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Total force: The future is now

F. E. Warren AFB, Wyo. -- Our new enemy, al-Qaida and other terror organizations, has brought about a change in the way we train, equip, deploy and fight wars. Perhaps the most notable change is the way in which we, the active duty, have teamed with the Guard and Reserve.

Previously, the active duty would be called upon to begin combat operations with the Guard and Reserves providing back-up or surge support. Once on the battle field there was no distinction between the reserve component and active duty members; their capabilities and missions were identical. Today, however, the Guard and Reserve forces of the U.S. military are no longer viewed as a "surge" or "stand-by" capability. Since Sept. 11, they have been continually deploying and fighting beside their active duty counterparts. If we deploy and fight together, why don't we work and train together?

The 30th Airlift Squadron is a perfect example of how the Air Force is changing its force structure to train as we fight. The 30th AS has completely integrated every facet of our operations with the guard: flying, maintaining, supporting and deploying. We now truly train like we fight ... as one team. By doing this, we have been able to capitalize on the strengths of both components: the full-time, taskable capability of the active duty and the experience, continuity and equipment of the Guard.

The 30th AS was activated July 1, 2006. It started with eight assigned members and nothing else -- we didn't even own a pencil. We needed to address everything from developing processes to approve permissive temporary duty assignments and inprocess with finance, to purchasing furniture and carving out space in fully-occupied offices. Positions had to be developed to run squadron operations and maintenance. Training had to be developed to qualify everyone on new equipment. Active duty personnel were integrated into what had traditionally been Guard-only positions.

Creation of an active-duty and guard association was something that had never been done before; there were no models or examples to follow. We used our expertise, and sometimes our ingenuity, to make sure our goals were accomplished. In just three months main-body squadron members began to arrive. The primary focus at this time was on developing relationships -- both personal and professional. The Guard prides itself on operating like a big family. As active duty members, we had to demonstrate that we could fit into this type of organization; we weren't coming to take over or change Guard culture. Only eight months after activation, there were 137 members in the 30th AS and we were deploying Airmen and equipment in support of the global war on terrorism. The challenges, successes and failures are too numerous to mention, but overall this venture has been a resounding success, providing a capability to the warfighter that has never been available before. The 30th AS integration isn't limited to the Wyoming Air National Guard in Cheyenne. The squadron was developed to augment other deployed squadrons, providing them relief from deployment requirements.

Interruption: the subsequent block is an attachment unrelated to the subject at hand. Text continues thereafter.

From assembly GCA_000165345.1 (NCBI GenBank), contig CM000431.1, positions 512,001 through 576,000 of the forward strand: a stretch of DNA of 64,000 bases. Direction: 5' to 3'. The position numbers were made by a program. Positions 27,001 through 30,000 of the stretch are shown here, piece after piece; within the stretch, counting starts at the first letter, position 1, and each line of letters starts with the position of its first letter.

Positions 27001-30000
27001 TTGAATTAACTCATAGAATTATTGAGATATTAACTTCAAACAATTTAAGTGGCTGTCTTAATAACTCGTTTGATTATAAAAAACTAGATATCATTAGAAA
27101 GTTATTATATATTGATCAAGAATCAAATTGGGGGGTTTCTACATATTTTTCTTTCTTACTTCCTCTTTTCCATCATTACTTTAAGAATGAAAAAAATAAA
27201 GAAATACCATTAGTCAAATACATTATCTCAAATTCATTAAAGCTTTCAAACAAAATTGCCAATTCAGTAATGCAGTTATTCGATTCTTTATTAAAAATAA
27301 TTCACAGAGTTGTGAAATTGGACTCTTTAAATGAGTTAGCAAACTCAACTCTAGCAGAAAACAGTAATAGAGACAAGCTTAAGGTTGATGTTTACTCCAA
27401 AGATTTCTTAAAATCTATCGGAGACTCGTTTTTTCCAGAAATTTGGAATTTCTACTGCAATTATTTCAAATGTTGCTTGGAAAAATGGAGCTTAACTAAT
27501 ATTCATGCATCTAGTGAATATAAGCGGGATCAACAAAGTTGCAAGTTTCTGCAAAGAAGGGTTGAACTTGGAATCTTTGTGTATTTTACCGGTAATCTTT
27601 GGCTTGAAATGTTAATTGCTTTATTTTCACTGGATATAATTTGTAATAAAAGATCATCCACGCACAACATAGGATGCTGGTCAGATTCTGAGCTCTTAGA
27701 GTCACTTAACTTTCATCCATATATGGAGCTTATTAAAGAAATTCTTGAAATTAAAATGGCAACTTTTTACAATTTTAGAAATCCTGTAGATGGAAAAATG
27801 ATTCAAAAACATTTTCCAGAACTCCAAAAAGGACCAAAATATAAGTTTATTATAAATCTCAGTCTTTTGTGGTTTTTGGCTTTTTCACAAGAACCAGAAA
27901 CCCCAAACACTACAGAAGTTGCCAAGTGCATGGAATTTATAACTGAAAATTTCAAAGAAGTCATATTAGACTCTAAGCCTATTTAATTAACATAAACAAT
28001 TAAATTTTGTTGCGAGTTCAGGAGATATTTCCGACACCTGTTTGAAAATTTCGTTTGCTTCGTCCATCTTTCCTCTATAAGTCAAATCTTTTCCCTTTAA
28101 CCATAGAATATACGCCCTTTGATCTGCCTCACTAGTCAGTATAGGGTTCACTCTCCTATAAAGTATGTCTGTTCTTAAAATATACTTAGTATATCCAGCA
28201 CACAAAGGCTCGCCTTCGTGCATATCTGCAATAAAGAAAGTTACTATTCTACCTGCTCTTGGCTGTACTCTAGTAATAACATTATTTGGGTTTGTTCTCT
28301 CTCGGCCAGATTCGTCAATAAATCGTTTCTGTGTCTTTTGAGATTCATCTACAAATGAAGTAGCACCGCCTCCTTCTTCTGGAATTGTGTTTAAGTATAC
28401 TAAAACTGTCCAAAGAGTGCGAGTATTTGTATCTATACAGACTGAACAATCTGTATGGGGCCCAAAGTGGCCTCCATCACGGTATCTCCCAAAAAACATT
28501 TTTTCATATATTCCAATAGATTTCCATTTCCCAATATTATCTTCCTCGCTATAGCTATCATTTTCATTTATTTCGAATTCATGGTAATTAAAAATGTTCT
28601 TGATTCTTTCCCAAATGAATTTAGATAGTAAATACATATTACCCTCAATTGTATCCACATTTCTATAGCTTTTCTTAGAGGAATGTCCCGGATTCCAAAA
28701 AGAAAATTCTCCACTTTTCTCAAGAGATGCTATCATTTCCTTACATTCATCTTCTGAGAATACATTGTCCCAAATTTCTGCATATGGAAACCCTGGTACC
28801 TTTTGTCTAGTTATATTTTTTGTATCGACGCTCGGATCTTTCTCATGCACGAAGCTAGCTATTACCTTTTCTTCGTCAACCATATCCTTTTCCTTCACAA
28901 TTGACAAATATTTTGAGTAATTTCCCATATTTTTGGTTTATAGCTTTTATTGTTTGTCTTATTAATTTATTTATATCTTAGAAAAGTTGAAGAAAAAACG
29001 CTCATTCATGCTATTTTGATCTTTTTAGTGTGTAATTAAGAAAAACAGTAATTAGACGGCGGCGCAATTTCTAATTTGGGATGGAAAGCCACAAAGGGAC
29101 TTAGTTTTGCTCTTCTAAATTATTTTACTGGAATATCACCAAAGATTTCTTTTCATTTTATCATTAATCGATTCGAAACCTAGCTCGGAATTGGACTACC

While deployed, mission comes first. We perform hub-and-spoke airlift -- our home base is the 'hub' and we distribute cargo to all outlying bases and camps in Iraq. Other missions include aeromedical evacuation, human remains repatriation, prisoner and detainee movement, night vision goggle operations, top cover radio relay coverage, special operations airlift and adverse weather precision airdrops. Every 30th AS crew is qualified to perform each of these missions. Each crew flies about 15 missions a month. Each mission lasts around 12 hours flying into three to eight different locations. Following pre-mission briefings and performing preflight requirements, the aircrew don their individual body armor, helmets and weapons and take to the not-so-friendly-skies of Iraq. These great warriors have amassed an impressive delivery and safety record. The 30th AS has integrated into the 777th Expeditionary Airlift Squadron which has flown, since January 1, 2007, over 6,600 sorties, moved 56,025 passengers and delivered over 13,250 tons of cargo. In terms of convoy reduction, they have kept 1,632 trucks and 42,240 people off the dangerous Iraqi roads.

The 30th Airlift Squadron is the beginning of Air Force's force structure change. Three new integrated squadrons are being established in Florida, North Carolina, and Washington state. It appears that in the not-so-distant future, all guard and reserve organizations will be integrated with active duty units, providing a tremendous additional capability in our battle against terrorism.